Wednesday, March 31, 2010

Crumple. Crush. Cram.

Artist Stephen J. Shanabrook is making pretty things ugly. In a series of works he calls "Paper Surgery" he takes c-prints of magazine photos and fold/crush/presses them into Franken Images of mutational proportions. [via Goldenfiddle aka love of my internet life]

Everything can be pretty. Everything can be ugly.

Crack Is Whack.

State Senator Eric Adams is on a crusade to end crack abuse and I wholeheartedly support his campaign. The Huffington Post posted a piece on this PSA announcement the statesman scripted and starred in an effort to end the epidemic that is taking over city streets, causing humiliation and ruin for youth across the island of Manhattan and it's boroughs. It's terrible. It's crack and it's whack.

Yes! Stop the Sag! I swear, I--in all of my infinite fashion wisdom--cannot even begin to understand how these boys keep their pants up, let alone how they can be walking, productive members of society in that state of partial dress. I'm all for freedom of expression, but I'm just thinking of the kids. How can you concentrate on math problems when you are trying with all of your might to keep your pants around your upper thighs? Hmmm? Stop the Sag!

I Love You, Now Change...Into This.

For all of its raunchy ramblings, Vice Magazine is one of the most brilliant sources of non-trad fashion stuff in the new age. I love it's endlessly perplexing mix of gross guy humor and intelligent studies in cultural curiosities. One of the latest bits of bestness that's come out of their fashion issue is a portfolio of photos of regular couples dressing their better halves in outfits of their choosing. The before photos show the couples in their own garb, while the after shots feature them rocking wares chosen by their mates with the end goal of sexy in mind. For instance, meet Ashley and Charlie in the clothes they normally wear when they are in charge of their wardrobes:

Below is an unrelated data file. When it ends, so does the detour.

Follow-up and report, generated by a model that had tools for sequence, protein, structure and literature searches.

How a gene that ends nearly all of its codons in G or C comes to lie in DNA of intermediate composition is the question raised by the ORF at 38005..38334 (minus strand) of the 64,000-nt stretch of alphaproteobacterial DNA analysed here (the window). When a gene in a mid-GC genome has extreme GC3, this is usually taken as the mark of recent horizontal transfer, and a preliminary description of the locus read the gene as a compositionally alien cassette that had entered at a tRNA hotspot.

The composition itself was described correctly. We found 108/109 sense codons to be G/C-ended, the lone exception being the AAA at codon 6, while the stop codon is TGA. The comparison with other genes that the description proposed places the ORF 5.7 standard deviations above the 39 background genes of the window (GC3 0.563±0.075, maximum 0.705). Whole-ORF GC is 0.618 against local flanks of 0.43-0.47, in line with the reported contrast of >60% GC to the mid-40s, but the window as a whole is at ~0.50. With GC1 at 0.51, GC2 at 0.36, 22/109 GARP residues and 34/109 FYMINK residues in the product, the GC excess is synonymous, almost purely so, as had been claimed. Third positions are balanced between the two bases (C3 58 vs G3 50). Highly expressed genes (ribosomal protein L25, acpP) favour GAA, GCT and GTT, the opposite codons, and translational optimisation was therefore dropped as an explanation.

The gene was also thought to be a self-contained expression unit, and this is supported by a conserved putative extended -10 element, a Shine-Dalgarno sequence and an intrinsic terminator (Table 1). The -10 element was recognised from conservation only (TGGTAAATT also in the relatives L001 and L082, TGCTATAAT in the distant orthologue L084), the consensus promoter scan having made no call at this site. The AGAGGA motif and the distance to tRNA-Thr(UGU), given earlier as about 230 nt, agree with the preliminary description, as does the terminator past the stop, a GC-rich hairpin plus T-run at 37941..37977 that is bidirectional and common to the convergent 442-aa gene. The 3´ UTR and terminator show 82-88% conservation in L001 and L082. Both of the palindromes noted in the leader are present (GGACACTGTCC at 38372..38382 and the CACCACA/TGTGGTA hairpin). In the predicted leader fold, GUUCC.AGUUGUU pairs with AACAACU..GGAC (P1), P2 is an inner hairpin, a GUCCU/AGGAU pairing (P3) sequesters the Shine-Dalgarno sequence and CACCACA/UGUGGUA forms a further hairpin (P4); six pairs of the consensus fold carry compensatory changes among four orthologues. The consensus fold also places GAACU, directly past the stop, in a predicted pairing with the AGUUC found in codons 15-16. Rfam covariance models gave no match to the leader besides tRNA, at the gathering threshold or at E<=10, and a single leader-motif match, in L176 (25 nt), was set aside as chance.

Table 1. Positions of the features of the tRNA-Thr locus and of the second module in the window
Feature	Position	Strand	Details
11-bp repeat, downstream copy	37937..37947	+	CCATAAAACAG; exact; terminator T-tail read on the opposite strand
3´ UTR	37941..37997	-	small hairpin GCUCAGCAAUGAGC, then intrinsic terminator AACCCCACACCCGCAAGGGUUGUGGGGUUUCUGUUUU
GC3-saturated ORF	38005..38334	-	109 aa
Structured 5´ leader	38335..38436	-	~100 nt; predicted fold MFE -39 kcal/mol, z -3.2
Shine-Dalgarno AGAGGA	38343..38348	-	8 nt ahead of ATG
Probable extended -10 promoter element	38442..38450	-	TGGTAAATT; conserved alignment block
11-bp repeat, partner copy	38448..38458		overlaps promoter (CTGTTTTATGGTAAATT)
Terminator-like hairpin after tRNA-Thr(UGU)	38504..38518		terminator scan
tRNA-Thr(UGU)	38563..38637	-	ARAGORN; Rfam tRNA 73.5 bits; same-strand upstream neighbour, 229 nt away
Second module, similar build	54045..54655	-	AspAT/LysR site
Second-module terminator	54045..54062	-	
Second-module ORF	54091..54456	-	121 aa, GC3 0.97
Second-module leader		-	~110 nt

Now, check them out in the outfits they chose for each other:

She likes how those stripes emphasize his shoulders. He likes how that dress shows her...well, everything.

Here are Max and Elle in their normal gear:

And here are their lover-styled outfits:

He picked out that power suit because she calls the shots in that thing, and she wanted him in his jammies because she likes how baggy clothes hang off of a skinny boy's body.

Here are Crista and Jess before their makeovers:

And here they are after:

That was the first outfit Crista thought Jenn looked super hot in, and Jenn loves a pair of gray pumps with that purple top that she doesn't think Crista wears enough of.

Here are the lessons learned:

1) Everything is sexy to someone.

The next time you think you have to fit some mold of pre-arranged sexiness, think of that guy up there whose girlfriend loves his skinny ass in baggy jammies. Isn't that amazing?

2) You are sexy. Yes, you.

How much does this portfolio show how manufactured most images of sexy are? The brooding, muscled, oiled, long-legged, big boobed archetypes of perfection are not our reality.

What is sexy to you? Do tell...


The best part of Erykah Badu's slow motion video streak to her new single Window Seat, is all of the fearful, look-straight-ahead, shock in the stiffened bystanders who are watching her strip in broad day light. It still confounds me that we are so uptight about human bodies--about their nudity and about their sexuality--that we clutch our chest and gasp at the sight of one. With all of the hijinks and stunts pop culture's seedier side serves up, getting naked on tv is nothing new, but walking strong among crowds as a black woman with your thick ass all out and out, your tattoos blazing, and your shaved head held high, is a statement. In fact, in Badu's version of this statement, it is so radical that it can't possibly exist without invoking a violent end.